Claire Kerr-Zlobin was confused. Her daughter’s birth was a happy, exciting time, but weeks later, she felt unhappy and isolated. A visit with a public health nurse, then a family doctor, led to a diagnosis: postpartum depression. “I was shocked to realize you can have an amazing connection and attachment to your child and still have postpartum depression,” says Kerr-Zlobin, the founder and program director of Healthy Start, Healthy Future, a national charity that provides support to moms.
Kerr-Zlobin realized that her intense feelings of sadness were the result of having been cooped up all day with an infant: “Being at home alone with baby day after day and not having any other peers, or moms with kids to connect with created this illusion that I was alone and I was the only one feeling this way — which made my depression worse.”
She tried everything — “medication, mindfulness, exercise groups” — but discovered that joining a support group made the difference. After three months, she started feeling like her old self again. She now recommends that all women who’ve had a baby do the same: “Even if you think you are fine, connect with a group. Parenting is a journey and we all need support along the way.”
More than depression
While Kerr-Zlobin had a textbook case of postpartum depression, a condition in which a person feels sad and isolated, cries frequently, has trouble sleeping or eats too much or too little, there are other, less-known conditions that can be just as challenging. Known as perinatal mood disorders, they can occur before and after delivery, and include:
- Anxiety: Symptoms include irritability, irrational worries, sleeping disturbances and fearful thoughts about the baby.
- Obsessive compulsive disorder (OCD): Symptoms include constant anxiety about harming the baby or frequently imagining the baby in danger (the most common of all the perinatal mood disorders after having a baby).
- Post-traumatic stress disorder (PTSD): A condition in which a stressful or traumatic event can lead to a person replaying the event mentally and reliving the same anxiety-inducing emotions.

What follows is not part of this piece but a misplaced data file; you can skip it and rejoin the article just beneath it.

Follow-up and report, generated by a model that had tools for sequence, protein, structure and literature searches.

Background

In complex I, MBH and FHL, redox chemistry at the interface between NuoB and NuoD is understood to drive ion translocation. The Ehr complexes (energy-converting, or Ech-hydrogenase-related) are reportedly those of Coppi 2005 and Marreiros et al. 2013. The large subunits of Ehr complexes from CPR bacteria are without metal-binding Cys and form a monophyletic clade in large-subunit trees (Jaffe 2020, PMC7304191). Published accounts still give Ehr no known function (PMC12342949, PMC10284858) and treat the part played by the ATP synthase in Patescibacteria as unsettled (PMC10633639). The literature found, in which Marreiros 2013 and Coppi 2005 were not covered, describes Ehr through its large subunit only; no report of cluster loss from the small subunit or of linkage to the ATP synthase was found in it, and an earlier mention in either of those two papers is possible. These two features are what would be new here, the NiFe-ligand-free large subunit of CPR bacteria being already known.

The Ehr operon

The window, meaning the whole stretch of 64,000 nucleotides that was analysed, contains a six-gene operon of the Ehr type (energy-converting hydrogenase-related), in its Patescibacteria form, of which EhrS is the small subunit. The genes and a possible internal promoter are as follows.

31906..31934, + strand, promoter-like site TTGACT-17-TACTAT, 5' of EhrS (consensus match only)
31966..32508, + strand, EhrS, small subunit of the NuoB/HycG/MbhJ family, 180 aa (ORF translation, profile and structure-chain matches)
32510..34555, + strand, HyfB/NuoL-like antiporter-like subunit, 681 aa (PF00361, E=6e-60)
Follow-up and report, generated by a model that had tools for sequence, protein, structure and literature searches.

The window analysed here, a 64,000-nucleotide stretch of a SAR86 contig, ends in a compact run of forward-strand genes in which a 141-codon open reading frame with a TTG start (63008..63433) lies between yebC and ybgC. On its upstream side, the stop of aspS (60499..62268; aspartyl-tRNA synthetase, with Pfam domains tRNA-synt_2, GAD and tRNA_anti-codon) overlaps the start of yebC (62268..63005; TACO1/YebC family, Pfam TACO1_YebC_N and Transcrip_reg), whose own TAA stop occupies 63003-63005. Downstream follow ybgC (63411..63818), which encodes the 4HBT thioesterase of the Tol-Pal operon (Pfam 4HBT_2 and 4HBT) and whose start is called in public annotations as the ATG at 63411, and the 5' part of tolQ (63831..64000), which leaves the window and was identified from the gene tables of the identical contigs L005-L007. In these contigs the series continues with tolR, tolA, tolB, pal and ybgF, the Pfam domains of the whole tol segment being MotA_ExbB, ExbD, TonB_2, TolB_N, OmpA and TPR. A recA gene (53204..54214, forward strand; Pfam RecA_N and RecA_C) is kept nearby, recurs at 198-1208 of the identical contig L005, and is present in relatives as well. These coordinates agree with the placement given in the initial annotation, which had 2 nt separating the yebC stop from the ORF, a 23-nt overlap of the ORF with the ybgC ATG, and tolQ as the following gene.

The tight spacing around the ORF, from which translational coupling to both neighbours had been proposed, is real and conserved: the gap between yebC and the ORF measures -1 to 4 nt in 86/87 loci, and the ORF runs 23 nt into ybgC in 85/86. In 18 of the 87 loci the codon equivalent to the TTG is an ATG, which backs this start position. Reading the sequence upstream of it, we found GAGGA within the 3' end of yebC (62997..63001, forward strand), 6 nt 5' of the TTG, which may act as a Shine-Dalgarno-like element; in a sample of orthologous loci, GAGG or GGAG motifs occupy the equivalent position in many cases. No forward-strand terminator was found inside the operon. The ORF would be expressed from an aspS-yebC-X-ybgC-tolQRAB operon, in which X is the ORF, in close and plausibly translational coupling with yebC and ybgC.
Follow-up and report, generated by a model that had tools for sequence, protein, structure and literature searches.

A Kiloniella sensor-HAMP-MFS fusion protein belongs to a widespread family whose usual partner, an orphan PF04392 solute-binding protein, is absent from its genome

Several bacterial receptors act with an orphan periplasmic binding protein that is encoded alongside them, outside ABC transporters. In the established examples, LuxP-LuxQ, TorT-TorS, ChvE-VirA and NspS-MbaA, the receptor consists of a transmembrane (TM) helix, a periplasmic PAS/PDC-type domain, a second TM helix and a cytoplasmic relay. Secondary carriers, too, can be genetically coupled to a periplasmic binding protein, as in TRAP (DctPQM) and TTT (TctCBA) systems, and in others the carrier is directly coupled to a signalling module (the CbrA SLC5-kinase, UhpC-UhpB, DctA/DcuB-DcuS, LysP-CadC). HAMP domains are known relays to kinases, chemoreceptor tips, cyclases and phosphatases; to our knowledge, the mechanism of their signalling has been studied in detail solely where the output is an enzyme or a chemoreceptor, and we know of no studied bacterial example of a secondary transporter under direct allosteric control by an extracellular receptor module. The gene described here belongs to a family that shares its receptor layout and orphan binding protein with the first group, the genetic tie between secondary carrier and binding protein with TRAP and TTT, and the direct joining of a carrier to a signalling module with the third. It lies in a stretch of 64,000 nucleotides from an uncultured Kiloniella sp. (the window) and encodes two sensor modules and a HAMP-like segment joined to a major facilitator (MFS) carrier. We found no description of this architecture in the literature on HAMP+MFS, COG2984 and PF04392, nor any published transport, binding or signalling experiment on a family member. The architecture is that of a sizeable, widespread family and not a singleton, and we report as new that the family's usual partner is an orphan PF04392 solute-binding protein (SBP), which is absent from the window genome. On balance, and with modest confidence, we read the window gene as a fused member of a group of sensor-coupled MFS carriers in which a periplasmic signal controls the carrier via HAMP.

- Psychosis: A severe form of mental illness in which a person hears and sees things that aren’t there, and can have suicidal thoughts (fortunately rare among new and expectant mothers)
“Women don’t suffer just from depression, and postpartum is a lot longer than a few months,” says Tascheleia Marangoni, founding executive director of Perinatal Mood Disorder Awareness Limited. She says the lack of awareness around these conditions — and the stigma associated with them — means women are not getting help.
Help is out there if you need it
Perinatal mood disorders can be brought on and aggravated by sleep deprivation, hormone changes, changes in brain chemistry and the depletion of nutrients throughout pregnancy. “Throw all of that together and you could have a very unwell mother,” says Marangoni.
She says that if you’re suffering from a perinatal mood disorder, you need to focus on the following:
- Rest. Get as much as possible.
- Exercise. Even a walk around the block helps.
- Proper nutrition. Talk to your doctor about supplementing your diet with mood-stabilizers such as B vitamins, zinc and magnesium.
- Exposure to sunshine. Sunshine can ward off seasonal affective disorder, whch causes sadness, sleepiness and irritability when days grow shorter and darker in fall and winter. Exposing yourself to sunshine can boost your levels of the “happy” hormone serotonin, raising your spirits.
Marangoni says that if at any point in the first few years of your child’s life you feel that something really isn't right for longer than a few weeks, listen to your intuition and investigate. “You have to have a conversation about what you’re experiencing with someone, whether it is a doctor, psychologist or family member.” Marangoni says antidepressants should not be the first choice for perinatal mood disorders, “unless the mom is having problems functioning on a day-to-day basis.”
“If you address the issue and look for help, help is out there, but the solution is different for everyone,” says Marangoni. “If you don’t, it can spiral out of control.”